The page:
The Wholetones' Alex Dorris Talks Bluegrass Jams Under a Bridge and Living at the Alamo

You wonder: What's that thrashing?

The sky is dark. The fields have gone silent. But there's a bonfire off in the distance, surrounded by vaguely human shapes and a furious funnel of sound -- acoustic axe, banjo, cello, upright bass, mouth organ.

This is the middle of nowhere and you've just stumbled upon four-man folkcore crew The Wholetones. They became friends under a bridge. They hang out in the woods a lot. And as Crossfade's already mentioned, they're all about "abusing acoustic intruments in pursuit of some perfect bluegrass-folk-metal hybrid."

This Thursday, The Wholetones bring that thrashing to the Crossfade music series at The Stage, alongside Everymen, Brain Chips, and Uncle Scotchy. So we asked singer and guitar guy Alex Dorris about Bridge Troll Meetings, dream jam sessions, and the Alamo.

Crossfade: The Wholetones is a band that was born at a bluegrass jam. What's the story? Where, when, how, and why did it happen?

Alex Dorris: There's a fishing village called Goodland just south of where I live. The population is probably 400 people, lots of fishermen and crusty old timers and such. Under the bridge that leads to it, there's this bluegrass jam every week. They're called the Bridge Troll Meetings. I basically learned to play there, and went every week for several years. Somehow, Taylor eventually found his way down there, where we met and played together. Him and some other guys were starting a band, so he asked me to play in it.

So the band Veggie Love was formed, gained and lost members, and we changed the name to The Wholetones to deter accusations of beings hippies and questions about whether we were vegetarians.

Eventually, it was down to me and Taylor playing as a duo, so we called my cousin Russ Depa to come play bass, and Mayo Coates, who had briefly played drums in Veggie Love years earlier.

Aside from legit clubs, it seems like your band might play almost anywhere -- basements, public parks, living rooms, picnics, backyards. Do you dig bringing music to unconventional spots?

We get pretty loud, so we might not fit in everyone's living room. But yeah, we'll certainly play anywhere people will listen. Our ideal setting seems to be rowdy metal and rockabilly spots and house shows.

Let's talk personal histories and musical backgrounds ... Prior to Wholetones, were you dudes country junkies, punks, metalheads, or what?

We all have extremely diverse tastes. But each band member kind of represents their own particular style. Mayo's a metal guy, and is largely responsible for that part of our sound. Russ is into lots of dub, reggae, and hip-hop. Taylor is the folk singer-songwriter lyricist. And I bring the instrumental jazz and bluegrass influence.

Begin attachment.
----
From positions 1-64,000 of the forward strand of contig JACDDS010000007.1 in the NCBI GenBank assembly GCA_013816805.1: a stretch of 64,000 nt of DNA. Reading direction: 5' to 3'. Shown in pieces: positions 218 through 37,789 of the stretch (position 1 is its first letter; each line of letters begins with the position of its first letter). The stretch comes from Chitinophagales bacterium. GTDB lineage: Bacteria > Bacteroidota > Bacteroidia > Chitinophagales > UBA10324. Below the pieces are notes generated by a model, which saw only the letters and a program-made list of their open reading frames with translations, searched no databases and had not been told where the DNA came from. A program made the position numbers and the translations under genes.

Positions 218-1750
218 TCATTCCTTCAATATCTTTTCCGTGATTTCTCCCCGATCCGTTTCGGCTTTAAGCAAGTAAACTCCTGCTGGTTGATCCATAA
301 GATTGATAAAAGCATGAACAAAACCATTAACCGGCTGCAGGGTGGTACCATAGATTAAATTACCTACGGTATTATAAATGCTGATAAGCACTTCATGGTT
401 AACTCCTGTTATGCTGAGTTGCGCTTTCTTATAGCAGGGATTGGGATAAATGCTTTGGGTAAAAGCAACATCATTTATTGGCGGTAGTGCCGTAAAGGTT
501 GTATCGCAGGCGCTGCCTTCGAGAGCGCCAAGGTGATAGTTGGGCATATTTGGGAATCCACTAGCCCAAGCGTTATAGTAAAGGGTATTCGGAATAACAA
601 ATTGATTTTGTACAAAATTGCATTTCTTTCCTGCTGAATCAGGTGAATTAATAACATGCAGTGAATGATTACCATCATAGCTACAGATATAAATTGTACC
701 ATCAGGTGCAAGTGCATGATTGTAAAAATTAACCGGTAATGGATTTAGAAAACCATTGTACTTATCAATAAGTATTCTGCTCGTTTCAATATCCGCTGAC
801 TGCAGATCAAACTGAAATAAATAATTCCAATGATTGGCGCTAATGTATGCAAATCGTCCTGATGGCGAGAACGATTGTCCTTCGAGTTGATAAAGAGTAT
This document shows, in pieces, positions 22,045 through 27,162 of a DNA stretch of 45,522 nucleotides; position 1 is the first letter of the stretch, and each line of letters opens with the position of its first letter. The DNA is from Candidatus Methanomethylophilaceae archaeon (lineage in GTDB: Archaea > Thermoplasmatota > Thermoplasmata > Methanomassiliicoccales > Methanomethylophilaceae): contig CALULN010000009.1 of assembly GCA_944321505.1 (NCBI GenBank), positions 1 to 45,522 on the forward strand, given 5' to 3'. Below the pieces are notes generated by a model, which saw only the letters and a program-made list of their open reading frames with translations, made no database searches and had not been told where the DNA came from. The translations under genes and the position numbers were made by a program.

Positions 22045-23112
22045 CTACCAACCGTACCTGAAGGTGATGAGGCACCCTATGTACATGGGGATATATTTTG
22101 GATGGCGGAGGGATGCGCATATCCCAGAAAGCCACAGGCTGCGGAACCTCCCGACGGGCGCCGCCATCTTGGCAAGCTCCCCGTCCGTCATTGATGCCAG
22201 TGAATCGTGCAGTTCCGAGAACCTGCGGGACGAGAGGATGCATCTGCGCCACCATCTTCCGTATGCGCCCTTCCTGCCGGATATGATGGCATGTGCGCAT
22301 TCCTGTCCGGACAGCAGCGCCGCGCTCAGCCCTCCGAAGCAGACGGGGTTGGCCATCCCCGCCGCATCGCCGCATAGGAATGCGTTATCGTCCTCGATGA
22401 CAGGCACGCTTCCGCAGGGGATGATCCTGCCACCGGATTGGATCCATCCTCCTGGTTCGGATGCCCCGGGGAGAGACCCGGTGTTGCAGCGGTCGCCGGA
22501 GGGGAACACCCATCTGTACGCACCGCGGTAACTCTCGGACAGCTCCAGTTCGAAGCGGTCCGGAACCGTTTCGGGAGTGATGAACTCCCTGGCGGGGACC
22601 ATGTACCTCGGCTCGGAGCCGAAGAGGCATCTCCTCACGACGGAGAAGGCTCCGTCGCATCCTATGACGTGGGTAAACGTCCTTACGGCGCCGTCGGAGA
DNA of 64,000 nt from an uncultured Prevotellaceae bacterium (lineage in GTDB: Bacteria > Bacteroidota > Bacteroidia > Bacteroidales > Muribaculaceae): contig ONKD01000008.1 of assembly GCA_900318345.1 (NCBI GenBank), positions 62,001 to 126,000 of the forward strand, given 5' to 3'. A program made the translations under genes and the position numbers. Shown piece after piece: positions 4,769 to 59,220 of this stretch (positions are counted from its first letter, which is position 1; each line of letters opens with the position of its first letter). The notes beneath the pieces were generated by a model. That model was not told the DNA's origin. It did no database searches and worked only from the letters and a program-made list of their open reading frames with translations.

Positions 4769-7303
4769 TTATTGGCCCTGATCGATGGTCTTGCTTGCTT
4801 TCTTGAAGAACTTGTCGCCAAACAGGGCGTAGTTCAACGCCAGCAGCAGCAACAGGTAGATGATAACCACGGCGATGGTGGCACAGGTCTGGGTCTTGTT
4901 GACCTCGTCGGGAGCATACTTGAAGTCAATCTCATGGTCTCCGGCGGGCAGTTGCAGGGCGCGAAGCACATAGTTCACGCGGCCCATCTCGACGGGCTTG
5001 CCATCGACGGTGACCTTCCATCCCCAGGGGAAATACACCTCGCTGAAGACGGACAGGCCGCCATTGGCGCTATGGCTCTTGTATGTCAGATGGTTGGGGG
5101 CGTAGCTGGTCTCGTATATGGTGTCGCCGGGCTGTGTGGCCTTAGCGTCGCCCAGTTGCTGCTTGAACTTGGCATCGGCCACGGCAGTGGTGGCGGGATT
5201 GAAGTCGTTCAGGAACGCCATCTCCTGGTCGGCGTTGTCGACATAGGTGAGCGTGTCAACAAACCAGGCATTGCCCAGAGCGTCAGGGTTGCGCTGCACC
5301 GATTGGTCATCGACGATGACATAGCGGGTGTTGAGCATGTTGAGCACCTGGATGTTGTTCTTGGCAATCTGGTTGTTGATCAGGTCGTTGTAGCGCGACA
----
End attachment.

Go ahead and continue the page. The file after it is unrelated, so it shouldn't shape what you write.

What is folkcore? Is it a movement with a manifesto? Is it fast and hard? Is it purely acoustic?

Folkcore is pretty much folk-type music, bluegrass, Americana, and whatnot, channeled through the intensity and energy and heaviness of metal. It's entirely on traditional acoustic instruments, such as banjo, cello, upright bass, etc.

If you think about each of those genres, they can be pretty brutal. Metal, obviously. All those coal mining and murder bluegrass songs. Protest folk music. So we end up with a pretty aggressive, harsh style. But we make it tasteful and dynamic enough that metalheads and elderly people like it equally. We've played at traditional bluegrass festivals, biker bars, metal house shows, and we usually get about the same response.

I wanna know about the blending of bluegrass, folk, jazz, and metal. It sorta sounds like a prescription for chaos. How do you harness and control that kind of complex mix? And what are the crossover points between all those different types of music?

I grew up listening to Steve Earle, Highland bagpipe music, Social Distortion, the Pogues, the Stray Cats, the Grateful Dead, Bob Marley, Hank Williams, and on and on. Just wildly varied music, all the time. And I believe it was about the same for all the other members.

So we try to distill all that down into what we think are the best parts of each genre. The rhythms and speed and power of metal, the freedom and unpredictability of jazz, the lyricism of folk music. But I think the undercurrent for it all is bluegrass. It's the common theme. There's always at least some hint of it throughout our songs.

Everyone needs heroes. What does The Wholetones' list of heroes look like? Which musicians, living or dead or fictional, would you invite to your dream jam sesh?

Bela Fleck. For me at least, he's the biggest single influence. Hank III's a big one, Modest Mouse, Iron & Wine, Meshugga, Trampled by Turtles, the Duhks, the Dodos. And more recently, our friends the Barons of Tang.

How about non-musical influences? What other stuff feeds The Wholetones' soul and sound?

For the past two years, we lived in a big two-story house way out in the woods. It's real run down and sketchy, and the property has 15 acres of woods. When we moved out there, we grew enormously as a band, from hanging out in the woods, playing music all the time, throwing house shows with hundreds of people. It inspired quite a lot of our music. We called the house the Alamo, and our next album is actually going to be titled after it.

Everymen, The Wholetones, Brain Chips, and Uncle Scotchy as part of Crossfade Presents The Local at The Stage. Thursday, July 28. The Stage Miami, 170 NE 38th St., Miami. The rager begins at 9 p.m. and admission is free. Go RSVP for the Crossfade Music Series via Facebook. Call 305-576-9577 or visit thestagemiami.com.

Follow Crossfade on Facebook and Twitter @Crossfade_SFL.

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